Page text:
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7 October 2020updated 08 Oct 2020 8:47am

The myths and masterpieces of Artemisia Gentileschi

Questions of gender and sexual trauma have long confused Artemisia Gentileschi's status as a major painter – something a new exhibition sets out to correct.     

By Michael Prodger

In 1649, Artemisia Gentileschi wrote to the Sicilian politician and collector Don Antonio Ruffo claiming, defiantly: “I will show Your Illustrious Lordship what a woman can do.” It was a mission statement – a challenge almost – that could stand for her whole career, and one too that  serves for the major exhibition of her work that has finally opened at the National  Gallery: “Artemisia”.

The show was scheduled for April, but the pandemic intervened. If it was, to begin with, a noble effort on the part of the curator Letizia Treves to charm and inveigle institutions and private collectors around the world to give up some 30 paintings by Gentileschi – as well as a selection of works by others in her orbit – it was perhaps even more heroic to persuade them to allow the pictures to stay so that the exhibition could belatedly go ahead. Her faith, and that of the lenders, proves more than justified.

Artemisia Gentileschi (1593 – c1654) is simultaneously very well known and very little known – something this, the first monographic exhibition devoted to her in Britain, sets out to correct. Like many 17th-century painters who adopted the frank realism and dramatic effects of Caravaggio, she suffered centuries of relative neglect before being rediscovered in the 20th century. Her wider fame, however, rests less on her paintings than on her status as the most famous rape victim in art. The details of her assault in 1611 by another painter, Agostino Tassi, and her ensuing judicial torture, were recorded during Tassi’s trial, and while they have provided material for novelists, playwrights and television and film scriptwriters, they have also obscured her achievements as a painter. As a result, her often violent subject matter has been interpreted as heavily autobiographical rather than as part of a characteristic strain of baroque painting and, indeed, of early 17th-century life.

Gentileschi was well aware that her gender was her great selling point. In another letter to Ruffo she promised: “With me Your Lordship will not lose and you will find the spirit of Caesar in the soul of a woman.” But her contemporary renown could be gender-blind too. She was a prodigy who worked in Florence, Rome, Venice, London and Naples (where she established a flourishing studio with her daughter Prudenza); her patrons included aristocrats, Iberian and German dignitaries, the Medici, Philip IV of Spain and Charles I of England; she had a long friendship with Galileo; other painters made her portrait; verses were written and medallions were struck in her honour; and she was the first woman to be a member of the artists’ academy in Florence. She was also an adroit self-marketer and created an Artemisia Gentileschi brand by signing pictures – which was not standard practice – using her own face in her paintings as a form of advertising, and collaborating with other artists. However she may seem to us, there is nothing about her professional career that bears the imprint of a victim.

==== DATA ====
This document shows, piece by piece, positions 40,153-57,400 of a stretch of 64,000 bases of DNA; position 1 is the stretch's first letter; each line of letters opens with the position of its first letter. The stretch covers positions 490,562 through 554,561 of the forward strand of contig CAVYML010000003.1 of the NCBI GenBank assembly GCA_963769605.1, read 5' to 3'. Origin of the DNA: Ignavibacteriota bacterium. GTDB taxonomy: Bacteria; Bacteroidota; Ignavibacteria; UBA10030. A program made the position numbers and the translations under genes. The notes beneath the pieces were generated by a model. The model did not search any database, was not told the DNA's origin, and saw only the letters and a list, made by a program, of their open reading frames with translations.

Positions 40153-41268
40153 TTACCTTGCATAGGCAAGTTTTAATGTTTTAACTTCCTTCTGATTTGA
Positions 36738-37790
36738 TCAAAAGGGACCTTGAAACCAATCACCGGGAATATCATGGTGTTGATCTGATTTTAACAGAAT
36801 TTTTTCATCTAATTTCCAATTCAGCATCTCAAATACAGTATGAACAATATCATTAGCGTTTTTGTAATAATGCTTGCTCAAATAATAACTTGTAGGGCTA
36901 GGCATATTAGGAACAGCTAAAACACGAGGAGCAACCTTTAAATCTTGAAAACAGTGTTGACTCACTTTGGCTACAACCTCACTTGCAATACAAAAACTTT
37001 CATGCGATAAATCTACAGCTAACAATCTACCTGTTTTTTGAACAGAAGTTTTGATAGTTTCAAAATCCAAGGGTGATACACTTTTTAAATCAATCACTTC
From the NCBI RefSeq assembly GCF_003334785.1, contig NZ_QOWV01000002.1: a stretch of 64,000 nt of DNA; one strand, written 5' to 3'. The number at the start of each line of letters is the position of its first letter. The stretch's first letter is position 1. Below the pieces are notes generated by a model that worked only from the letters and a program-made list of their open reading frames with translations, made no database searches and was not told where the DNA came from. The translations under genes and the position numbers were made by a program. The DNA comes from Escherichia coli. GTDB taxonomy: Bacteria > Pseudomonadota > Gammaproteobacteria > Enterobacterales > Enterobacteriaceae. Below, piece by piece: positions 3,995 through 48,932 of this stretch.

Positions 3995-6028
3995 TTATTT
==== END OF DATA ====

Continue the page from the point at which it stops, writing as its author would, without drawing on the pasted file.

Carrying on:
One of the travails she was forced to overcome was her relationship with her own father, the painter Orazio Gentileschi. He was a talented artist whose style blossomed under the influence of his friend Caravaggio (they were named together in a lawsuit for libel over some scurrilous poems) but was a malign and unpleasant man, and a controlling father. When her mother died in 1605, the 12-year-old Gentileschi initially took charge of her three brothers but soon became her father’s protégée. Although he boasted of her talent and claimed she had become a fully-fledged painter after just three years of his tutelage, “so skilled that I dare say she has no equal today”, he was also jealous of her talent and both possessive – locking her up at home – and careless in allowing Tassi into his household while the two men worked on a joint project.

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The rape occurred in 1611 when Gentileschi was 17 and had already painted a remarkable work, possibly with her father’s involvement, depicting Susanna and the Elders (1610), in which a naked woman (bearing Gentileschi’s features) is harassed by two leering older men. It is an extraordinary presentiment of what was to come when lust turned into violent coercion. Tassi was 15 years older than her and had already painted for the Pope, Paul V, as well as being tried for incest (he later attempted to shoot his pregnant lover). He was, according to one account, physically unprepossessing, being “small, chubby and with a little beard”. What complicated matters was that, after the assault, he and Gentileschi continued a sexual relationship under the impression, on her part, that he would marry her.